Only CBS Identifies Israel's Targets as 'Terrorists'; NBC and ABC See 'Militants'
Of the three morning shows on Thursday, only CBS allowed that Israel's targets in the ongoing violence could be called "terrorists." ABC and NBC described "militants " The networks all highlighted the plight of Palestinian civilians hurt or killed by Israel. But their journalists failed to wonder if Hamas was using people as human shields. Instead, Good Morning America's Alex Marquardt highlighted, "So far, around 80 Palestinians killed, the vast majority civilians. This morning, eight members of a single family mistakenly killed." [MP3 audio here.]
Translating from a woman whose house was destroyed, Marquardt quoted, "There is no reason to attack my house...There are no militants here." On CBS This Morning, Holly Williams narrated, "The Palestinians have no protection. This home was flattened by an Israeli strike yesterday. A man and two children were rushed to the hospital." But only CBS deviated from referring to Hamas as "militants."
Williams allowed, "Israel says it's targeting terrorists in Gaza, hitting command centers and rocket launchers used by Hamas."
On Wednesday, a Hamas spokesman declared, "All Israelis have now become legitimate targets."
Yet, for a report in the GMA 8am hour, Dan Harris stuck to the script, noting that among the Palestinian death toll were "three militants."
NBC's Today offered the least amount of coverage, just 35 seconds over four hours. Though brief, Craig Melvin avoided the word "militant" and "terrorist," instead noting:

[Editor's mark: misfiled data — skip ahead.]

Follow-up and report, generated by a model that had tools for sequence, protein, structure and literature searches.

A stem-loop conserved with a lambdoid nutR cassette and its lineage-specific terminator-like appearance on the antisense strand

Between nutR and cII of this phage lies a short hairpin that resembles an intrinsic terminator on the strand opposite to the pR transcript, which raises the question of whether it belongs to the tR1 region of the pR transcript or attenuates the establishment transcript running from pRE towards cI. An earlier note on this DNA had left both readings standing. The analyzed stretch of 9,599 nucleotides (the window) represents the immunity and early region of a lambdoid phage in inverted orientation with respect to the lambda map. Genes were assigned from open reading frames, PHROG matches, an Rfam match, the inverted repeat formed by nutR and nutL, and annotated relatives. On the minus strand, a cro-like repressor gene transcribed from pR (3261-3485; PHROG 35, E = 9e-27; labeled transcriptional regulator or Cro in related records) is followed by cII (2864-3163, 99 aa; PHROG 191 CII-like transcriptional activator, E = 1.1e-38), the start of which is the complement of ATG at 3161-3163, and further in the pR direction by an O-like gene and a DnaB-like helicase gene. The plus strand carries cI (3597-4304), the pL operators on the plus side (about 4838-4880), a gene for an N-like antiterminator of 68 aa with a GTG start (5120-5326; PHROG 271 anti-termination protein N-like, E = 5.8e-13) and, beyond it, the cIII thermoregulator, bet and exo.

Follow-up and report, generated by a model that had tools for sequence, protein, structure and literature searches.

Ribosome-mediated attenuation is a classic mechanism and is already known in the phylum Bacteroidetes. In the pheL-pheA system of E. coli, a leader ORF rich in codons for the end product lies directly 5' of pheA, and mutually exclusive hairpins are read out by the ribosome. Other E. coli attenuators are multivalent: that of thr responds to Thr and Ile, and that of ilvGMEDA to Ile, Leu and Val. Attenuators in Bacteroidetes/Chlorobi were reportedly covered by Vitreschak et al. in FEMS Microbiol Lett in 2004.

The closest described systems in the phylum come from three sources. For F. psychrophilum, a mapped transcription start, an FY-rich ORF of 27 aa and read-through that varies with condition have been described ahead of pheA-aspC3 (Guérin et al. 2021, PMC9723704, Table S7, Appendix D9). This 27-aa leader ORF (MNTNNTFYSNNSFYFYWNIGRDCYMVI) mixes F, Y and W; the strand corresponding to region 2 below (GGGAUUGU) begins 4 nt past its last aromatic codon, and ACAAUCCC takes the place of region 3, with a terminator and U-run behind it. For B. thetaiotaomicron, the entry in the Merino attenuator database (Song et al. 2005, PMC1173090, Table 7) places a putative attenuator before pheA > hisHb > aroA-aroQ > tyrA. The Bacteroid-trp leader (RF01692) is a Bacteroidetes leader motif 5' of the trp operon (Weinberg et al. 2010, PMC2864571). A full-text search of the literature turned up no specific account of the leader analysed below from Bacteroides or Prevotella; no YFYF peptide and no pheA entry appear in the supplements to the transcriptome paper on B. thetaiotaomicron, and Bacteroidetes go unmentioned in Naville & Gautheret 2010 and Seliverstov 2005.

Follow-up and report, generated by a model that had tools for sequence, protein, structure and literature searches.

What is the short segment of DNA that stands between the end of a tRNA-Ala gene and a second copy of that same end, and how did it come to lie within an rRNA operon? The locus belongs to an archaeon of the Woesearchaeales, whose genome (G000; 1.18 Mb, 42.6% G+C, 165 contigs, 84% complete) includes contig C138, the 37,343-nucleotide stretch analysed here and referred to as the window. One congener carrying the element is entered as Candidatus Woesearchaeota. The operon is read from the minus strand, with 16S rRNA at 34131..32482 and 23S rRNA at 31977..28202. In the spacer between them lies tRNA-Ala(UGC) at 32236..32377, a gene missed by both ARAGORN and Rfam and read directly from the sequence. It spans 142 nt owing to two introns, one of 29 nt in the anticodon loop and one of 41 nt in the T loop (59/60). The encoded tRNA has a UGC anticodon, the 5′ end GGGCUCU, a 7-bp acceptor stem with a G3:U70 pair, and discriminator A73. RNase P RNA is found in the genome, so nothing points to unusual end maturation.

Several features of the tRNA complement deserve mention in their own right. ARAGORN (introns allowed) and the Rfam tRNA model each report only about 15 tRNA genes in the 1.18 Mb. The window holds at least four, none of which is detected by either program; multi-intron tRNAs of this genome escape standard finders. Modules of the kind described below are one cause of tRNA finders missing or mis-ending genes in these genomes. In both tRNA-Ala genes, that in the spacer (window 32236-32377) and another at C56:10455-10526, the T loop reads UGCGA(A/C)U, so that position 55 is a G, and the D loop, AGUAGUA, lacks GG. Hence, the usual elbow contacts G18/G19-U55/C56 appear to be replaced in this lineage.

CRAIG MELVIN: Secretary of State John Kerry is working to ease the growing tension between Israel and Hamas. This is day three of the heaviest fighting in years and neither side appears ready to back down. Israel continued to carry out air strikes in Gaza early this morning. Palestinian officials say seven people were killed, including five children when a strike destroyed their home. So far, more than 750 targets have been hit this week.
To his credit, ABC's Marquardt explained the toll on Israel, pointing out that "more that 250 rockets and mortars have been fired at Israel from the Gaza Strip. Hamas, now able to reach 100 miles away with its powerful arsenal."
The Media Research Center's Dan Gainor noted on Wednesday that the networks chose "militant" or "fighters" over "terrorists" by a scale of 9-to-1.
A transcript of the July 10 GMA segment is below:
ROBIN ROBERTS: Now to the escalating violence in the Middle East. Rockets falling on both sides of the border with the Gaza Strip and a possible ground invasion by Israeli troops looming. ABC's Alex Marquardt is in Gaza City for us this morning. Good morning, Alex.
ALEX MARQUARDT: Good morning, Robin. The Israeli air force stepped up its air strikes overnight, pummeling the Gaza Strip. The death toll here quickly growing with more than 800 Israeli strikes so far in this operation as Hamas and other militant groups fire rockets farther and farther into Israel. In Gaza, the ground shaking Israeli air strikes rained down with drones and jets targeting militants and rockets and often destroying much more. So far, around 80 Palestinians killed, the vast majority civilians. This morning, eight members of a single family mistakenly killed. We've seen the destructive power of the strikes up close. Here, the three-story family home of Umsami [PH] now a pile of rubble. "There is no reason to attack my house," she told me angrily. "There are no militants here." In Israel today, terrified civilians fleeing to shelters for cover. Over the past three days, more that 250 rockets and mortars have been fired at Israel from the Gaza Strip. Hamas, now able to reach 100 miles away with its powerful arsenal. But so far, no Israelis have been seriously wounded. And Israeli military officials told me this morning, they've mobilized 20,000 reserve troops so far for a possible ground invasion that Israel's President says could come soon, turning this no a much longer and bloodier conflict. Robin?
— Scott Whitlock is Senior News Analyst at the Media Research Center. Follow Scott Whitlock on Twitter.